• Monday, July 15, 2024
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Aligning vision with values: How not to let culture eat strategy as a breakfast

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Corporate myopia is a condition where management is preoccupied with how to realize its vision and goals that it loses consciousness of the impact of their choices to the competition, their people, customers, the government and the environment. – Dr Brian O. Reuben.

If many organizations are able to deliver on their vision they will have superior performance. The pursuit for greatness- to attain it and sustain it has been a puzzle for many managers and hence their preoccupation.

The extent of this preoccupation is seen in the deluge of tools and thinkings that promise this superior profitability and are promoted by management consultants.

Businesses spend millions on training and executive programs to understand the prevailing thoughts and technology in their industry and how to apply the same in expectation of super profitability.

Year in year out, managers are compelled to face the sad reality that pursuing superior performance by adopting best practices is at best temporary leaving them confused about what best to do.

Yet some even make the right choices, formulating a well-thought-out business strategy. The confusion begins when results suggest their efforts and investments isn’t worth it. Shareholders are angry, employees are demoralized, managers lose their jobs!

More and more managers as a result are forced to believe that in an era of rapid and unexpected changes like we have there can be no real advantage except to somehow use political power to gain some form of advantage.

Lobbying law makers and seeking ways to influence government decisions and action become the new playbook of superior performance. Laws are repealed, new laws are made even at the expense of the general good, all in pursuit of superior performance.

Such was the intention behind the repealing of the Glass Steelgal law that eventually plunged the world into the great depression. All because business leaders believe the boundaries must be shifted however unethical that may be.

But superior performance is an outcome from making the decision to be unique. Any organization that makes the right choices and marshals out the right resources to support those choices and translate those choices into actions will have superior results. It’s always the result goals-strategy alignment.

The importance of these resources that support the strategy and upon which it must be based can’t be overemphasized. And one that has the power to destroy the strategy is values. It was Peter Drucker who stated that culture eats strategy for breakfast. Culture is the way values are implemented in an organization. Drucker argued that strategy, as important as it is, will never be enough.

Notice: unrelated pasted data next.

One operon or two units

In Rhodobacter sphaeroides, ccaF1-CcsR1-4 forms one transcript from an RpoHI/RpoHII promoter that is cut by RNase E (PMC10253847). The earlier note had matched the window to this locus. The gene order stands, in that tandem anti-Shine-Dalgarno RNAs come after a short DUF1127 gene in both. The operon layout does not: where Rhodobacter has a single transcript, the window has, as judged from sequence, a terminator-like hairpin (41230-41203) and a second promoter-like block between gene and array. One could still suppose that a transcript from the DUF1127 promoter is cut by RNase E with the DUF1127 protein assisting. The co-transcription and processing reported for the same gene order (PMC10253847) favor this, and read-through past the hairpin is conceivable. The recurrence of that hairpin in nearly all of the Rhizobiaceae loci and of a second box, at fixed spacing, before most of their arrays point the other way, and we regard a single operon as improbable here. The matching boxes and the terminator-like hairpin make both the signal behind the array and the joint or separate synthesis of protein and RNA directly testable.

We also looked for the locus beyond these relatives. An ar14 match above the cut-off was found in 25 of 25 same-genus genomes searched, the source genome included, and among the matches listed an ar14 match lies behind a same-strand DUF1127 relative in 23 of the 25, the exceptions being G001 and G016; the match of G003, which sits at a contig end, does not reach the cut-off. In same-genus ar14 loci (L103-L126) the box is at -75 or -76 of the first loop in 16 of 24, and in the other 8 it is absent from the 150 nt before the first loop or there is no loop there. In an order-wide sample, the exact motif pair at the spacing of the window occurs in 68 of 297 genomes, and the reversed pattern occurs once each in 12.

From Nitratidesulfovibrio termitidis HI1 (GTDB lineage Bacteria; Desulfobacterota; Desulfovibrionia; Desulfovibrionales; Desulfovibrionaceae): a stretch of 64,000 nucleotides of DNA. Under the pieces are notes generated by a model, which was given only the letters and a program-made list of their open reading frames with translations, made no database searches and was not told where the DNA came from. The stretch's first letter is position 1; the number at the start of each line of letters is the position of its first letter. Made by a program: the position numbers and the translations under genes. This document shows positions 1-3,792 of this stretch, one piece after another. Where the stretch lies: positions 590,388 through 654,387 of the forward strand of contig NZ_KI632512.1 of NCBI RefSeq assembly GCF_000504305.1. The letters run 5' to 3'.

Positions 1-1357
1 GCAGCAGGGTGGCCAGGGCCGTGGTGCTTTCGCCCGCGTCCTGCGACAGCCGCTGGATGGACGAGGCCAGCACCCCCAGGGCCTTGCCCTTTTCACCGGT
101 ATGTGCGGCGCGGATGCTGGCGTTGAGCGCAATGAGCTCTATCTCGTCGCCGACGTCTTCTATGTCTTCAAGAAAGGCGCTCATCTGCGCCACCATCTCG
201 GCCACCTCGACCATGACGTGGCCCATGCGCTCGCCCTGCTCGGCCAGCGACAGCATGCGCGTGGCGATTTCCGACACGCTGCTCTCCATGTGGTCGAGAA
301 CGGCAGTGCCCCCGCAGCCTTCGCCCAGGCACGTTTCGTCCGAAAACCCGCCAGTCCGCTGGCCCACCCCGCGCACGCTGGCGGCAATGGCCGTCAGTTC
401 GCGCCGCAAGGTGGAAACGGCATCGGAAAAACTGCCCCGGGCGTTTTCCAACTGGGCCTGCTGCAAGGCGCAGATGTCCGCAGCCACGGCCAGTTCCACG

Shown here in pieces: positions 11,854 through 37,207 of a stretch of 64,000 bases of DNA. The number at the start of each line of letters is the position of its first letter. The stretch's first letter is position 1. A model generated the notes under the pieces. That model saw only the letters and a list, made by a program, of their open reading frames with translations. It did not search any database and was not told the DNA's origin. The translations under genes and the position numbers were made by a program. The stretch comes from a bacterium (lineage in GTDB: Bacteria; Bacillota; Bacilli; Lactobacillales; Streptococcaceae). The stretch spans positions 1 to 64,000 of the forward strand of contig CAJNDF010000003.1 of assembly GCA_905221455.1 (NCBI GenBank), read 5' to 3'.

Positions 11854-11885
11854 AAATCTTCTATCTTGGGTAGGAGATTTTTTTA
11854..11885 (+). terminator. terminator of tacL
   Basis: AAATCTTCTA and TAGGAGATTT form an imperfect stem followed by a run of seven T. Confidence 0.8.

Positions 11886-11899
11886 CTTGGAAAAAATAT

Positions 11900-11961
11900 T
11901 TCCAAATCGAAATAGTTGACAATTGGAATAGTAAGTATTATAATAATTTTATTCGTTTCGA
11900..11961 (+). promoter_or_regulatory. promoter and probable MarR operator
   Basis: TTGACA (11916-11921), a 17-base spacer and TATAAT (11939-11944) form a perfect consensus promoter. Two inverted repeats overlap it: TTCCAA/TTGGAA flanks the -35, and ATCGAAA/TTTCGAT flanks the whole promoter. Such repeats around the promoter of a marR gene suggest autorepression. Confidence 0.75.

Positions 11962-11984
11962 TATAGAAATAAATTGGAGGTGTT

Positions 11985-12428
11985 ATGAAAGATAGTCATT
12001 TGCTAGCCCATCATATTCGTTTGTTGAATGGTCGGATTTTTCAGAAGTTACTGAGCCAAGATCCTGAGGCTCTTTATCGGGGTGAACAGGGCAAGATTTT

Strategy is a choice a company has made about how to compete and the competitive advantages upon which the choice is based. This advantage is the only basis for superior performance. Yet it will take people to execute on that strategy. Managers will have to make decisions on a daily basis regarding how to allocate the organization’s resources to achieve predetermined objectives. This is what’s really important – translating the decision about how to compete into action. To execute strategy, the company must have the values that can support the strategy.

In its 2000 annual report Enron stated the following as it’s corporate values: Communication. Respect. Integrity. Excellence. They sound pretty good, don’t they? Strong, concise, meaningful. Maybe they even resemble your own company’s values, the ones you spent so much time writing, debating, and revising.

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If so, you should be nervous. Enron also had a great competitive advantage, thanks to its great strategy. Enron’s strategy was deeply rooted in their ability to manage risks. It acquired physical capacity in every market and influenced that investment by creating a flexible pricing structure.

Enron towered for years, a clear statement of competency and great strategy. But as events will turn out, the giant fell on its knees! Enron’s failure was not a consequence of a systematic and planned accounting fraud.

Enron did not fail because of a bad strategy, they did not fail because of a bad vision, Enron failed because of wrong corporate values. In principle Enron had great values but in reality, they meant nothing. The real values the company held were the opposite of what they stated. The result? Culture eat the strategy breakfast!

As competitive pressure intensify and managers struggle to keep the company on the path of productivity and superior performance, it’s important to remember that values are the foundation of any great organization. No organization can be built on deceit, dishonesty and lies.

The key is to understand the importance of clarity of vision. A clear vision illuminates the heart and brightens the path of the organization. When managers resort to cheating and deceit to realize the vision they are suffering from corporate myopia, a condition where management is preoccupied with how to realize its vision and goals that it loses consciousness of the impact of their choices to the competition, their people, customers, the government and the environment. Such a condition is the ultimate failure, eventually the organization will in one way or another be taken out of play.

Dr. Reuben is a strategist, researcher, author, advisor, speaker and teacher. He is the President of The Brian Reuben Organisation and CEO of Africa Economic Summit Group United Kingdom.